From Geneva I went to Thun, Interlaken, and Grindelwald, at each of which places we have season chaplaincies ; in fact, all Switzerland is studded – mountains, lake-sides, and valleys – with what I call my button mushroom churches, for they spring up all over that country, and sometimes almost in a night! On my way I ascended the Schynige Platte,[nb 4] from which a fine view of the Oberland is obtained. A farmer's son at Grindelwald told me that corn and apple trees will grow now in that district, whereas in his father's day, when the glaciers came much further down into the valley, neither could be cultivated. His father, who died this spring at the age of seventy-six, told him that this would take place again when the glaciers come down, as they are sure to do, in course of time. Sleeping at the Männlichen, then a rough hut far above the Wengen Alp Hotel,[nb 5] a grand panorama of the Jungfrau and the Oberland giants was obtained. The whole range, from the Titlis to Diablerets, lay in view. When in that neighbourhood I saw several rare birds, ring ousels, snow buntings, and, much to my delight, several Cornish choughs.[nb 6][75]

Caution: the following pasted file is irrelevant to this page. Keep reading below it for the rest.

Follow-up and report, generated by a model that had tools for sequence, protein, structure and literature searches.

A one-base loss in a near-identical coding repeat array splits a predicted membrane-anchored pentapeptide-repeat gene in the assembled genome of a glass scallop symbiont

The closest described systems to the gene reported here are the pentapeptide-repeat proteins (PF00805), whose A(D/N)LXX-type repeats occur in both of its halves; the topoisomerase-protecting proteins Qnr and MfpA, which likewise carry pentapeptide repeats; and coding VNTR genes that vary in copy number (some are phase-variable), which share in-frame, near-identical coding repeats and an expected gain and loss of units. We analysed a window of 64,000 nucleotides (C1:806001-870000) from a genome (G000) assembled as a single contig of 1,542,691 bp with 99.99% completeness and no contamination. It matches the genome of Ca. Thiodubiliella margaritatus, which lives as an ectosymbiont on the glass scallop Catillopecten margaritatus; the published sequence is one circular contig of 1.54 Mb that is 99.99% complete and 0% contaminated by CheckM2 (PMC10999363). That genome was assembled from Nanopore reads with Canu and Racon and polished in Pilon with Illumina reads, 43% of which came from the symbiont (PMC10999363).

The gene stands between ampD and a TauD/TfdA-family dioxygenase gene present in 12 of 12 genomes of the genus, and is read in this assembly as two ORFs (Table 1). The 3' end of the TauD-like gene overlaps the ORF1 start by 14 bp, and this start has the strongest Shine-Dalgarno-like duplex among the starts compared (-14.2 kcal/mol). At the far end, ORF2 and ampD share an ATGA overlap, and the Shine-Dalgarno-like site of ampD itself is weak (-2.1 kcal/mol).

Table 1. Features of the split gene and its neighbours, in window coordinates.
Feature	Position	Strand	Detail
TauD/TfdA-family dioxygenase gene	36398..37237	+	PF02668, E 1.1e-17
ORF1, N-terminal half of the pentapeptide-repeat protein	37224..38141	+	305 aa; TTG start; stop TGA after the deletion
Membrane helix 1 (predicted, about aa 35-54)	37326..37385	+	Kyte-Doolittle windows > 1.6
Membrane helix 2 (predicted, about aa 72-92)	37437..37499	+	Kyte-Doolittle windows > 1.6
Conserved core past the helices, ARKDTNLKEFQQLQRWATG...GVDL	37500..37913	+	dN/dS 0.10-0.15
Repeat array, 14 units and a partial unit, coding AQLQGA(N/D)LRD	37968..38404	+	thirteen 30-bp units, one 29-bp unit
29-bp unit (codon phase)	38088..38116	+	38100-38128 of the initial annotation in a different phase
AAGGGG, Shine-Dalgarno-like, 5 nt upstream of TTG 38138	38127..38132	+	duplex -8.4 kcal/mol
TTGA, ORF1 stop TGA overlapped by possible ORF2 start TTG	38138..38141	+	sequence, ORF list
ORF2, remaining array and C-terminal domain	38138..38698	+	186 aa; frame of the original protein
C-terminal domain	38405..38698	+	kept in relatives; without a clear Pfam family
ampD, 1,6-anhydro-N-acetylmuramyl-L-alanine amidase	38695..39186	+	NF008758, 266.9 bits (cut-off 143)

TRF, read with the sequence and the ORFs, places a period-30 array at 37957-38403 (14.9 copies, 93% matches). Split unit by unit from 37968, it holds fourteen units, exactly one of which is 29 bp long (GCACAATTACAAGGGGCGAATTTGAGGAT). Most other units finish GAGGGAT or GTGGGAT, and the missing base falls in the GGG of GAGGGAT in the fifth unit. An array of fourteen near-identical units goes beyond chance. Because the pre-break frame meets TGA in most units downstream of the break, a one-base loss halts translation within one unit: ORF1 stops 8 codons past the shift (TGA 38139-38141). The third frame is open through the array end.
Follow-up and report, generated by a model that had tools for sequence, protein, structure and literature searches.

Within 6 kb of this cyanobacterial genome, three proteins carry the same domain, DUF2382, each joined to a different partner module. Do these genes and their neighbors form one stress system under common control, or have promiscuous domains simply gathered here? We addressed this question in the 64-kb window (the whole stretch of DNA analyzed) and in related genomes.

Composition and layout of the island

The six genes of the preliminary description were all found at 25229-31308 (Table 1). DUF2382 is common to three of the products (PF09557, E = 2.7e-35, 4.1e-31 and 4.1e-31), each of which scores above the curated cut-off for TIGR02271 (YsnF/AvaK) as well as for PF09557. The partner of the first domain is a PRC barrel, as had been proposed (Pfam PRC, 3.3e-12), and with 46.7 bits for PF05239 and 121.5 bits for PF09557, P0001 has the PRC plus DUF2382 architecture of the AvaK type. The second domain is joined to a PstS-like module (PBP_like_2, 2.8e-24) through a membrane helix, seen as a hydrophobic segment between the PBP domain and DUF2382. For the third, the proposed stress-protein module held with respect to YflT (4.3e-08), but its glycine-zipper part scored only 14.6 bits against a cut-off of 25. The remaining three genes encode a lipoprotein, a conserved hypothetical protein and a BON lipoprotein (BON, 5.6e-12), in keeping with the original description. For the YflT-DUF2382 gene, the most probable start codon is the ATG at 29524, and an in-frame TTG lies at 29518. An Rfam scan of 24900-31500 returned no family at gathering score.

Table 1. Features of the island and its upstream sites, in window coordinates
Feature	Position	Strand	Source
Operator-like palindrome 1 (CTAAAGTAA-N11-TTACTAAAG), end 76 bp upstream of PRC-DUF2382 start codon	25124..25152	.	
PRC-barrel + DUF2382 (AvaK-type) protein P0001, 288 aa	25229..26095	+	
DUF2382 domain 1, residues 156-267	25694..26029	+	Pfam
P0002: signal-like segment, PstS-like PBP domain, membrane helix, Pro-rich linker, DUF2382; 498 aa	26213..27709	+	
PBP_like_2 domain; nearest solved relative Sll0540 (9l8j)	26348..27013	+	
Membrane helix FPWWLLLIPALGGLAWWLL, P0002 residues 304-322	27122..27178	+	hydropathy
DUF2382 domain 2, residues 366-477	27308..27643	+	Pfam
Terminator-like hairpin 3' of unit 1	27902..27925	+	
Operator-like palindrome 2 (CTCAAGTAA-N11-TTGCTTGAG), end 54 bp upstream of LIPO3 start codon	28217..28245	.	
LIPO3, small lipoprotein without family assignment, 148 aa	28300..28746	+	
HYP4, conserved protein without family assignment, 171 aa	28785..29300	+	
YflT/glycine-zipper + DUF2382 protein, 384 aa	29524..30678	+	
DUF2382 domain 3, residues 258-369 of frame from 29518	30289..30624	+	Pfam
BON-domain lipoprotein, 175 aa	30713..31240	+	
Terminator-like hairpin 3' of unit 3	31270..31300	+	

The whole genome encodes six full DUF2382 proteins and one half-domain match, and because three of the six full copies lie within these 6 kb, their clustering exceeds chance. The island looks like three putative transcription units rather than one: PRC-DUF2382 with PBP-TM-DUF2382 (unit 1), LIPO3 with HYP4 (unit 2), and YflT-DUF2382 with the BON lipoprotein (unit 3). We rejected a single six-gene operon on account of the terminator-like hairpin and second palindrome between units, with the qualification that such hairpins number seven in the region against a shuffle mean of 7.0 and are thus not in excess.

Thun in 1907

Wilkinson may have spent years in Africa, but he apparently liked snow sports. Here he is in 1895:[75]

I ran down to Thun one day from Berne and found it completely snowed up. Judging from appearances, all the inhabitants, save a few enterprising boys who were tobogganing down the deserted streets, in bed and asleep. As the boys did not invite me to join their sport, I returned to Berne by the next train.[75]

This first bishop of Zululand was a sharer of stories. Here is one story that he heard from Frederick Robert St John, the chargé d'affaires at Berne, in 1895. It is not known whether either man embellished it:[75]